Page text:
I can’t believe I went so many years without realizing that Carson’s hot happening hotspot for Halloween was right here, a few blocks away from my office. We first found out about it last year, and we had so much fun that I think it’s going to be our Halloween tradition every year until we move out of the area.
I’m talking about spending Halloween night trick-or-treating on the west side of Carson, on the few blocks surrounding the Governor’s Mansion. Everyone in this neighborhood gets into a festive mood, and as you walk down the street you find that house after house has decorated their yards. The great thing about this neighborhood is that it’s not just one or two houses that put up decorations. All along Mountain Street and down Robinson, just about every house has done something. Most of them have set up graveyards along the front walk. Some of them have costumed characters running around. Some of them are brightly lit and colorful. Some are dark and spooky, with fog blowing around the trees. One house was completely bathed in an eerie green light, with lumbering monsters pacing back and forth across the yard while recorded creaks and moans played on the speakers. I noticed that only the bravest kids were making the trek up to the porch to get their candy. Many others were gathered in a semicircle out in the street, trying to build up the courage to approach.
The crown jewel on Halloween, of course, is the Governor’s Mansion. The mansion has the most elaborate decorations, and attracts the biggest crowds. It blares music across the neighborhood and has dancers along the sidewalk doing the polka and the two-step. And each year the governor himself stands on the front steps of the mansion, handing out candy and posing for photos with the kids. It may not sound like the most thrilling way to spend Halloween, but there is always a line several hundred people deep snaking around the driveway. Last year we braved the line, and it took us nearly an hour to finally get to the front steps. Check out the article I wrote last year about that experience. Once was enough, so we skipped the mansion this year.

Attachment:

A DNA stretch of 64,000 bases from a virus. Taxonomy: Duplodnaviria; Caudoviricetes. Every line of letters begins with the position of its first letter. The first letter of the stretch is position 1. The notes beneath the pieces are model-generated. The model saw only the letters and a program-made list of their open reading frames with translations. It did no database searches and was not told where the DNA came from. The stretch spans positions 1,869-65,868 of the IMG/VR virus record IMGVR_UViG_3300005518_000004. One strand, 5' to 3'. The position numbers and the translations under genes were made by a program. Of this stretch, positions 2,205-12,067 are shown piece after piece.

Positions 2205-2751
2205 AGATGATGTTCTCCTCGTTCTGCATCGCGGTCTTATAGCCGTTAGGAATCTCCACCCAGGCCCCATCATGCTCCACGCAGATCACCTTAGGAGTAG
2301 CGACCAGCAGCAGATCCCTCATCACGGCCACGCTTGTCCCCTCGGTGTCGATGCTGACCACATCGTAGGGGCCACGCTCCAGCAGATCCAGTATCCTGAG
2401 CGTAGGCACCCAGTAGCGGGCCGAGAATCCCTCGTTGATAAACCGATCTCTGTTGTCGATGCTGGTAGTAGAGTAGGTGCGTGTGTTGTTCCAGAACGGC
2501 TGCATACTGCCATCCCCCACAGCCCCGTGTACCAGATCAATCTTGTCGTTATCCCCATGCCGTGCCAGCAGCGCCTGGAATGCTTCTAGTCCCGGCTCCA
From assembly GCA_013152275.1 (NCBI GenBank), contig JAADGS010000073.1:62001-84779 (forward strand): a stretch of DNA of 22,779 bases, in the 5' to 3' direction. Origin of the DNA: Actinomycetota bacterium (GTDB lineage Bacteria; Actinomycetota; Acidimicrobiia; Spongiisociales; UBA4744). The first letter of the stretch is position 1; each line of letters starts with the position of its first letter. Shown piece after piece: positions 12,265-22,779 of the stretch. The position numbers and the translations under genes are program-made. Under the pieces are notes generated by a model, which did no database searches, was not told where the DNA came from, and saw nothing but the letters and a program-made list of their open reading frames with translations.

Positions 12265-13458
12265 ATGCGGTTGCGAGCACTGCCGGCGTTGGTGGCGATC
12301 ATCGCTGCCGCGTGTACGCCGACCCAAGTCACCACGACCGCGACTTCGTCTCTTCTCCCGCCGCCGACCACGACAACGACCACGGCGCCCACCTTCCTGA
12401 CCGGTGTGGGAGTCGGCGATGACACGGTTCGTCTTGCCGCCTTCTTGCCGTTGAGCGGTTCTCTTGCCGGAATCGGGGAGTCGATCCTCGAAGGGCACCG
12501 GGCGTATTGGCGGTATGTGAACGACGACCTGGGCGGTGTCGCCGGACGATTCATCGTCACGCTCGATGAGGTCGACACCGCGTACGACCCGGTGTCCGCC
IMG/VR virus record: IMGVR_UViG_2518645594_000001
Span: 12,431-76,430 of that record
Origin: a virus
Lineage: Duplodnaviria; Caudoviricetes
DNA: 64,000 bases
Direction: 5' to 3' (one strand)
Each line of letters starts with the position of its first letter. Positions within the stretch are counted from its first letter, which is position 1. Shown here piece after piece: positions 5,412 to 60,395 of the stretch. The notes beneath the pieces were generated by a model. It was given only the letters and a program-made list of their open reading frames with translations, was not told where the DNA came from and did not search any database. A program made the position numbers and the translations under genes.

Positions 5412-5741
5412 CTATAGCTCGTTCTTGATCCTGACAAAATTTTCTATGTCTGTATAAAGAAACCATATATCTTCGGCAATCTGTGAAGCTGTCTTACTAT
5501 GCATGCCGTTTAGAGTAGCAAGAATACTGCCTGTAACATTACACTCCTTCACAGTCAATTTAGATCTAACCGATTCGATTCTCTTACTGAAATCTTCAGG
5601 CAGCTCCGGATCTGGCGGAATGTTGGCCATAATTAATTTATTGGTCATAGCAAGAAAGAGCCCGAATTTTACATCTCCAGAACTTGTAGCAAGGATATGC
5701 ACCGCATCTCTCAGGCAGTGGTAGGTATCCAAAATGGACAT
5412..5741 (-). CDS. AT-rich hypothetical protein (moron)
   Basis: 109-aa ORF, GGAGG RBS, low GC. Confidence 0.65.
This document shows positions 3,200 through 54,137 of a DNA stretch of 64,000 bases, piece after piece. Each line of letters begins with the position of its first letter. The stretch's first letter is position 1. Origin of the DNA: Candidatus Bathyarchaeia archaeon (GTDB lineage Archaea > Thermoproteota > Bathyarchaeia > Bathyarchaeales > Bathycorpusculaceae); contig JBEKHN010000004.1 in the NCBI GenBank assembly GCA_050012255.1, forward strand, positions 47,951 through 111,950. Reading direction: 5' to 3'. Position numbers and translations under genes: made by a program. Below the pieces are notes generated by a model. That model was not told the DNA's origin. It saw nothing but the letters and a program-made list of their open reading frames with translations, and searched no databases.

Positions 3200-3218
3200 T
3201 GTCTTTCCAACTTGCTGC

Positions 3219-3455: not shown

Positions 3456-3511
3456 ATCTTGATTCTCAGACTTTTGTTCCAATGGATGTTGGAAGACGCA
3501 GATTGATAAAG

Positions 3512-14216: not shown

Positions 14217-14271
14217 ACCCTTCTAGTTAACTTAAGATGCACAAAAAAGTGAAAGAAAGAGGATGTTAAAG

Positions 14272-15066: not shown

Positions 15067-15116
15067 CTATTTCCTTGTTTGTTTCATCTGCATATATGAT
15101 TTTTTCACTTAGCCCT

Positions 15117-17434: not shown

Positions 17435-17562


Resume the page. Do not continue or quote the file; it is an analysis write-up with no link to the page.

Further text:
But it’s not all about the Governor. The mansion sets a festive mood and brings in hundreds of families, and that holiday spirit has spread to the streets and houses surrounding the mansion. Right across the street, at the Bliss Mansion, the entire house is decorated. Ghouls hang from the porch, skeletons golf on the lawn, and Beelzebub himself tries to burst out of the flower garden. One of the goblins in the graveyard even looks suspiciously like Arnold Schwarzenegger.
Further down Robinson Street there are two more houses that get into the Halloween spirit. One house transformed itself into “Mt. Cyanide Hospital”, with a “Life-O-Suction” station, “Beast Augmentation Department”, a Blood Bank, and Nurse Hatchet on staff. I have pictures of all that below. And of course there’s a lively graveyard on the side of the house, complete with little goblins that hide behind the fence and jump out at unsuspecting children. And right next door, the Governor Jones house is similarly decorated, with bats, skeletons, ghouls and goblins. Most of the figures on the grounds are just statues, but every now and then one of them comes to life and tries to grab you.
The whole atmosphere of this neighborhood on Halloween is just perfect. There are kids and families running around everywhere. There is always one more house a little bit further down the street with some decorations that catch your eye and make you want to keep going. Everyone is sitting out on their porch, handing out candy. Even at the houses that aren’t decorated. And the best part is that it was kind of warm for Halloween this year, so we didn’t have to fight the frigid cold to go out there.
I don’t think we’re ever going to go trick-or-treating anywhere else. After we were done, we drove through a few other neighborhoods on our way home. And they were all so cold and uninviting. No decorations, nobody on the porch, just a few kids wandering around and having to approach houses with closed doors and a single porch light. How depressing.
The thing about Halloween decorations is that it’s awesome to actually be there, in person, and see them all lit up in spooky living color. But they don’t photograph well. Especially with my cheap little digicam. So that’s why I took a pre-Halloween tour of the neighborhood and snapped some daytime photos of the decorations. Let’s dive in.
Here’s some home video I took that night of the houses and the trick-or-treaters. It starts out at the Governor’s Mansion, then goes to the Bliss Mansion and some of the other houses in the neighborhood.